Responsive computer-aided design

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Responsive computer-aided design (also simplified to responsive design) is an approach to computer-aided design (CAD) that utilizes real-world sensors and data to modify a three-dimensional (3D) computer model. The concept is related to cyber-physical systems through blurring of the virtual and physical worlds, however, applies specifically to the initial digital design of an object prior to production.

The process begins with a designer creating a basic design of an object using CAD software with parametric or algorithmic relationships. These relationships are then linked to physical sensors, allowing them to drive changes to the CAD model within the established parameters. Reasons to allow sensors to modify a CAD model include customizing a design to fit a user's anthropometry, assisting people without CAD skills to personalize a design, or automating part of an iterative design process in similar fashion to generative design. Once the sensors have affected the design it may then be manufactured as a one-off piece using a digital fabrication technology, or go through further development by a designer.

Context[edit]

Diagram describing the cyclical process of sensing, CAD customization and digital fabrication in responsive computer-aided design
Diagram describing the process of physical sensing, CAD customization and digital fabrication in responsive computer-aided design. This may be cyclical.

Responsive computer-aided design is enabled by ubiquitous computing and the Internet of Things, concepts which describe the capacity for everyday objects to contain computing and sensing technologies. It is also enabled by the ability to directly manufacture one-off objects from digital data, using technologies such as 3D printing and computer numerical control (CNC) machines. Such digital fabrication technologies allow for customization, and are drivers of the mass-customization phenomenon.[1][2] They also provide new opportunities for consumers to participate in the design process, known as co-design.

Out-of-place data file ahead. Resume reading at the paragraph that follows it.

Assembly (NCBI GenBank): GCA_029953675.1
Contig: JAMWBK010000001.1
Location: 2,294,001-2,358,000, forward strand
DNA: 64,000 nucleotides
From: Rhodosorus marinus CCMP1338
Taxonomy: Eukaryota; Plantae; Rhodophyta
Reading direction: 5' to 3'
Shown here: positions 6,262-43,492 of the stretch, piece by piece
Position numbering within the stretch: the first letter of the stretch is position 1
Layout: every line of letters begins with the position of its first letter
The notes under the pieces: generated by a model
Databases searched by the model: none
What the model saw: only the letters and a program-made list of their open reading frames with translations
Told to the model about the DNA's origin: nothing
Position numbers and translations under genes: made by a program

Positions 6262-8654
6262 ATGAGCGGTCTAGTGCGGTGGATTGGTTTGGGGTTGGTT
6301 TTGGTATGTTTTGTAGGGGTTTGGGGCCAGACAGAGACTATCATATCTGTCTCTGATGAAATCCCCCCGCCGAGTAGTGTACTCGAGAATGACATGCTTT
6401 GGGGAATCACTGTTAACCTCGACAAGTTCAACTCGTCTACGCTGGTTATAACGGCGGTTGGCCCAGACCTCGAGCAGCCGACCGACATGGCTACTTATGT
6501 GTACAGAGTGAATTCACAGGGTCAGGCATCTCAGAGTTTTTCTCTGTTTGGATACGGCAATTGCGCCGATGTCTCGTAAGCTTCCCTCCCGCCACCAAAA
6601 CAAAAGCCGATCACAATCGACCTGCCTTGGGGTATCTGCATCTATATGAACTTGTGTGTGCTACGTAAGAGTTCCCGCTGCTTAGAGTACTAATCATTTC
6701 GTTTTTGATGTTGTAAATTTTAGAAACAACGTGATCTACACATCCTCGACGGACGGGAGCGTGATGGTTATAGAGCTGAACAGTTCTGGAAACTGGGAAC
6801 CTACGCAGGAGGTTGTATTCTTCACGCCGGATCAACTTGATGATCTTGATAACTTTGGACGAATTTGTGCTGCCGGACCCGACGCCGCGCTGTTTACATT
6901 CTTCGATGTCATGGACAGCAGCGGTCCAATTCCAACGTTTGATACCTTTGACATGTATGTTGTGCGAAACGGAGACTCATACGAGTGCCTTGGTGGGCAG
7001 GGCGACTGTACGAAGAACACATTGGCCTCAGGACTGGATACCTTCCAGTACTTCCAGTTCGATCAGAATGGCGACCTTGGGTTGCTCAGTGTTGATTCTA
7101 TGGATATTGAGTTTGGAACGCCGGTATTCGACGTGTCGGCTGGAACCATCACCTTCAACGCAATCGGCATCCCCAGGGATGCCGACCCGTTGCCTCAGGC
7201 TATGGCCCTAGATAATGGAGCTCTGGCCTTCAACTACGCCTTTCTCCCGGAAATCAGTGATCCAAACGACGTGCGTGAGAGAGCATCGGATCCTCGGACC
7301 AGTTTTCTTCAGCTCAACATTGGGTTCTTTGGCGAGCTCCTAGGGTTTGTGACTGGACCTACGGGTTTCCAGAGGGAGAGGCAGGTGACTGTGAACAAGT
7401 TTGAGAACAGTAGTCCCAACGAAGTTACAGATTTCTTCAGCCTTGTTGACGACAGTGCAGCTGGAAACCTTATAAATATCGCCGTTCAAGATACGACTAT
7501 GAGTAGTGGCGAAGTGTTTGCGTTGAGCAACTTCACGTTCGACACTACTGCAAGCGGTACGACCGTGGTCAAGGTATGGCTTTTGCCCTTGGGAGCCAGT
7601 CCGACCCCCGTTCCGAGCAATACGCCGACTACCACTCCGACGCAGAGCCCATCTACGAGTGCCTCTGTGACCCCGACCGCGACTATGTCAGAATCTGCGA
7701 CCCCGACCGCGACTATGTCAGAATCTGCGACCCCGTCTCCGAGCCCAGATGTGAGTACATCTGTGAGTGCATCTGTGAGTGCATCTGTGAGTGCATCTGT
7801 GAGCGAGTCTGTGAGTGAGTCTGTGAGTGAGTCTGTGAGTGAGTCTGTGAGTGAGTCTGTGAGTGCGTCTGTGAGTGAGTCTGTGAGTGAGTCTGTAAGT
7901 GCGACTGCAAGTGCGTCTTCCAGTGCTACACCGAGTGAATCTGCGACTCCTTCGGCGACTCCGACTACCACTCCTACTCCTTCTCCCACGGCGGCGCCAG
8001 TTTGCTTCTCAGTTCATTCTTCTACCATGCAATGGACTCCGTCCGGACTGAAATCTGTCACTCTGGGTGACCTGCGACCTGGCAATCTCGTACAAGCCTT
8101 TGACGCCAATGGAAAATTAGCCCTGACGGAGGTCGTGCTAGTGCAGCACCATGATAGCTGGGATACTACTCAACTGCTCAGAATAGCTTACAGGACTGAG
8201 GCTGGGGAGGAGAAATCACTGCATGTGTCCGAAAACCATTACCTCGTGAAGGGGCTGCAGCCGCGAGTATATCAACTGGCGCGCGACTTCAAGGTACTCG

As these concepts mature, responsive design is emerging as an opportunity to reduce reliance on graphical user interfaces (GUIs) as the only method for designers and consumers to design products,[3] aligning with claims by Golden Krishna that “the best design reduces work. The best computer is unseen. The best interaction is natural. The best interface is no interface.”[4] Calls to reduce reliance on GUIs and automate some of the design process connects with Mark Weiser's original vision of ubiquitous computing.[5]

Related concepts[edit]

A variety of similar research areas are based on gesture recognition, with many projects using motion capture to track the physical motions of a designer and translate them into three-dimensional geometry suitable for digital fabrication.[6][7] While these share similarities to responsive design through their cyber-physical systems, they require direct intent to design an object and some level of skill. These are not considered responsive, as responsive design occurs autonomously and may even occur without the user being aware that they are designing at all.

This topic has some common traits with responsive web design and responsive architecture, with both fields focused on systems design and adaptation based on functional conditions.

Current work[edit]

Responsive computer-aided design has also been used to customize fashion, and is currently an active area of research in footwear by large companies like New Balance who are looking to customize shoe midsoles using foot pressure data from customers.[8]

Sound waves have also been popular to customize 3D models and produce sculptural forms of a baby's first cries,[9] or a favorite song.[10]

See also[edit]

References[edit]

  1. ^ Tseng, M.M.; Jiao, R.J.; Wang, C. (2010). "Design for mass personalization". CIRP Annals. 59 (1): 175–178. doi:10.1016/j.cirp.2010.03.097.
  2. ^ Hu, S. Jack (2013). "Evolving Paradigms of Manufacturing: From Mass Production to Mass Customization and Personalization". Procedia CIRP. 7: 3–8. doi:10.1016/j.procir.2013.05.002.
  3. ^ Novak, James (March 2018). Responsive Design and 4D Products: Enhancing Human Experiences Through Ubiquitous Computing (PhD thesis). Griffith University.
  4. ^ Golden, Krishna (2015). The best interface is no interface : the simple path to brilliant technology. [Berkeley, California]: New Riders. p. 92. ISBN 9780133890334. OCLC 884306639.
  5. ^ Weiser, Mark (1991). "The Computer for the 21st Century". Scientific American. 265 (3): 94–104. doi:10.1038/scientificamerican0991-94. ISSN 0036-8733.
  6. ^ "Sketch Chair Project". www.frontdesign.se. Retrieved 2019-02-15.
  7. ^ Willis, Karl D.D.; Lin, Juncong; Mitani, Jun; Igarashi, Takeo (2010). "Spatial Sketch: Bridging Between Movement & Fabrication". Proceedings of the Fourth International Conference on Tangible, Embedded, and Embodied Interaction. TEI '10. New York, NY, USA: ACM: 5–12. doi:10.1145/1709886.1709890. ISBN 9781605588414.
  8. ^ Rosenkrantz, Jessica (2015-11-30). "Data-customized midsoles with New Balance". Nervous System blog. Retrieved 2019-02-15.
  9. ^ "Azzaro 3D Prints Infant's First Cries". 3D Printing Industry. 2015-07-31. Retrieved 2019-02-15.
  10. ^ Stella, Rick (2015-07-15). "Reify uses 3D printing and augmented reality to make music you can hear, see, and hold". Digital Trends. Retrieved 2019-02-15.

Further reading[edit]